Americans are the most common target of payment card fraud, based on details for sale on the dark web, new research published this week by NordVPN shows. The company analyzed 4.5 million payment card details belonging to citizens of 140 countries that were found by independent researchers for sale on the dark web.
USA, Australia, Hong Kong take the popularity podium
The most popular country of origin was the United States at nearly 1.6 million detail sets at an average price of $5.80. Visa cards accounted for 913,955 of the cards, followed by Mastercard (406,851) and Amex (143,836). Australia was the second most popular country with more than 400,000 detail sets available, while Hong Kong sat third with 400,000. The average price of all detail sets was $9.70.
“Since 2014, we have been seeing a constant growth in payment card fraud around the world,” NordVPN CTO Marijus Briedis said. “We decided to look into how much a payment card costs on the dark web and why there’s a booming underground black market for them.”
“And the answer is that hackers can easily make a lot of money. Even if a card costs only $10 on average, a hacker can make $40 million by selling a single database, like the one that we analyzed.”
USA cards are also safer
Even though the biggest number of card details found for sale were from the USA, Australia and Hong Kong, this doesn’t mean that they are the most vulnerable, the researchers cautioned. Vulnerability depends on factors like the proportion of non-refundable cards (if a card is refundable, the owner can be reimbursed in case of being scammed), the country’s population, and the number of cards in circulation.
“For example, taking into account a large number of cards with refunds available, US cards may be more reliable,” Briedis suggested. “But there was still a big number of them found hacked on the Internet because of the greater number of credit card users in this country in general.”
NordVPN researchers compared the card data between countries with the United Nations’ population statistics and the number of cards in circulation from Visa, Mastercard, and American Express to calculate the risk index and compare more directly how likely people’s cards are to be available on the dark web by country.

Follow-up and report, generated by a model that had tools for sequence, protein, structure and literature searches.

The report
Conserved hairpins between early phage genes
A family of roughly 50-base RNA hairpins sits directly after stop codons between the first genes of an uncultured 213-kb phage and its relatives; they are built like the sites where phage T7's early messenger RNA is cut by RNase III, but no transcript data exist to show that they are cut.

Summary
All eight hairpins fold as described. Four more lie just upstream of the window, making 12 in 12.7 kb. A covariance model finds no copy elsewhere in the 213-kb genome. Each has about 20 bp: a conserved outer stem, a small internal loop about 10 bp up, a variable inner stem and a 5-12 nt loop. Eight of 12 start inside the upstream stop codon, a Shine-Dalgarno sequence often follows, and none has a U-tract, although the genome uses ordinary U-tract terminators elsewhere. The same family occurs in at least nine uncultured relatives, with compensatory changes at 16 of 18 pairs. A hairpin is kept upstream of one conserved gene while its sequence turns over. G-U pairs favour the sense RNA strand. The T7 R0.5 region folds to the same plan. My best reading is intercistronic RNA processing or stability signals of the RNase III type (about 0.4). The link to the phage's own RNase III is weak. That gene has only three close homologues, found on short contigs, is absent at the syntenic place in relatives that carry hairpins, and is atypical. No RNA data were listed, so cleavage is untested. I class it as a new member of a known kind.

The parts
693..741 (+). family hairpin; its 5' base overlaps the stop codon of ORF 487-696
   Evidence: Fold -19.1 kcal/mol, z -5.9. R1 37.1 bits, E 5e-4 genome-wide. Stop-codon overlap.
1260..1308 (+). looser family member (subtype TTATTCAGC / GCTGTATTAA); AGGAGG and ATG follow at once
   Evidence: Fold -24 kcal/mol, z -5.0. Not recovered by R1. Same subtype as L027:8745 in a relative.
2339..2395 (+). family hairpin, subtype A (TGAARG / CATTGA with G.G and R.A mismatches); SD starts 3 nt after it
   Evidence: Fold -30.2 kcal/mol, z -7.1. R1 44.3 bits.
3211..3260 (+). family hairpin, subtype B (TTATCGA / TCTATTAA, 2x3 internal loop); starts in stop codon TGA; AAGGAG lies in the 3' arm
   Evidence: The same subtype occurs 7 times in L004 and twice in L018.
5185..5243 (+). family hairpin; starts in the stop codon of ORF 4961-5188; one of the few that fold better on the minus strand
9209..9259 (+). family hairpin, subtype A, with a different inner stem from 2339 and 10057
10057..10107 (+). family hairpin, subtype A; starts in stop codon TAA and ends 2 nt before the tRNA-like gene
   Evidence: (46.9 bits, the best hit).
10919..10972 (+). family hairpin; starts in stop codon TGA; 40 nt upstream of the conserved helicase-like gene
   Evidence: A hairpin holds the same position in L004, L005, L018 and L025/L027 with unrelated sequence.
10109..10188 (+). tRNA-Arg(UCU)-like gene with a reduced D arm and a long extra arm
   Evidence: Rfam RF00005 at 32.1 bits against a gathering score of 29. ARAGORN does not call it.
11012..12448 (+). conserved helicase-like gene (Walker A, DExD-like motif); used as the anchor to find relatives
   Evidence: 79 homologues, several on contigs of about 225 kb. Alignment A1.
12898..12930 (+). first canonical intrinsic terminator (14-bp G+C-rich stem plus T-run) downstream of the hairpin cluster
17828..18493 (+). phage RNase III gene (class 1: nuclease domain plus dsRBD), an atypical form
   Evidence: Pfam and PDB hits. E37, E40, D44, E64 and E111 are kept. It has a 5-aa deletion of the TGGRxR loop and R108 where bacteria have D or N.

America’s risk index was estimated to be 0.34. The most vulnerable country was found to be Hong Kong, with a maximum possible risk score of 1. The second most vulnerable was Australia (0.85), followed by New Zealand with a score of 0.8. The least vulnerable score is 0, and it was attributed only to one country — the Netherlands.
The prices of the discovered American payment card details varied between $1-$12. The vast majority (350,090) were priced at $4.
The most expensive cards are found in Hong Kong and the Philippines (around $20), while the cheapest belonged to Mexicans, Americans, and Aussies (prices starting from $1).
Comparing the number of credit and debit cards, overall the difference wasn’t very big, with 52 per cent of the discovered cards being debit and 48 per cent being credit cards. Visa Prepaid cards were twice as likely to be found on the dark web than the classic card versions. With Mastercard, there were three times more Premium cards found hacked than prepaid ones.
Brute force pays off
Technological persistence accounts for the majority of detail sets available.
“Increasingly, the card numbers sold on the dark web are brute-forced,” Briedis explained. “Brute-forcing is a bit like guessing. Think of a computer trying to guess your password. First it tries 000000, then 000001, then 000002, and so on until it gets it right. Being a computer, it can make thousands of guesses a second.”
“After all, criminals don’t target specific individuals or specific cards. It’s all about guessing any viable card details that work to sell. Researchers at Newcastle University estimate that an attack like this could take as few as six seconds.”
There is little users can do to protect themselves from this threat, short of abstaining from card use entirely. The most important thing is to stay vigilant, NordVPN suggested.
“Review your monthly statement for suspicious activity and respond quickly and seriously to any notice from your bank that your card may have been used in an unauthorized manner. Another recommendation is to have a separate bank account for different purposes and only keep small amounts of money on the one your payment cards are connected to. Some banks also offer temporary virtual cards you can use if you don’t feel safe while shopping online,” Briedis recommended.
The study also included some safety tips.
Stronger password systems: Keep passwords strong. Every extra step makes it harder for attackers to break in. Banks could provide password managers.
MFA: Multi-Factor Authentication is becoming the minimum standard, so if your bank doesn’t offer it already, demand it or consider switching banks. Passwords are only one step, but verifying using a device, texted code, fingerprint, or other security measure provides a huge step up in protection.
System security and fraud detection: Fraud detection systems can detect situations where thieves have succeeded. Banks can use tools like artificial intelligence to track payment attempts to weed out fraudulent attacks. Pressure is also put on payment systems or online merchants, who often bear the cost of fraud and so have a big incentive to improve their systems.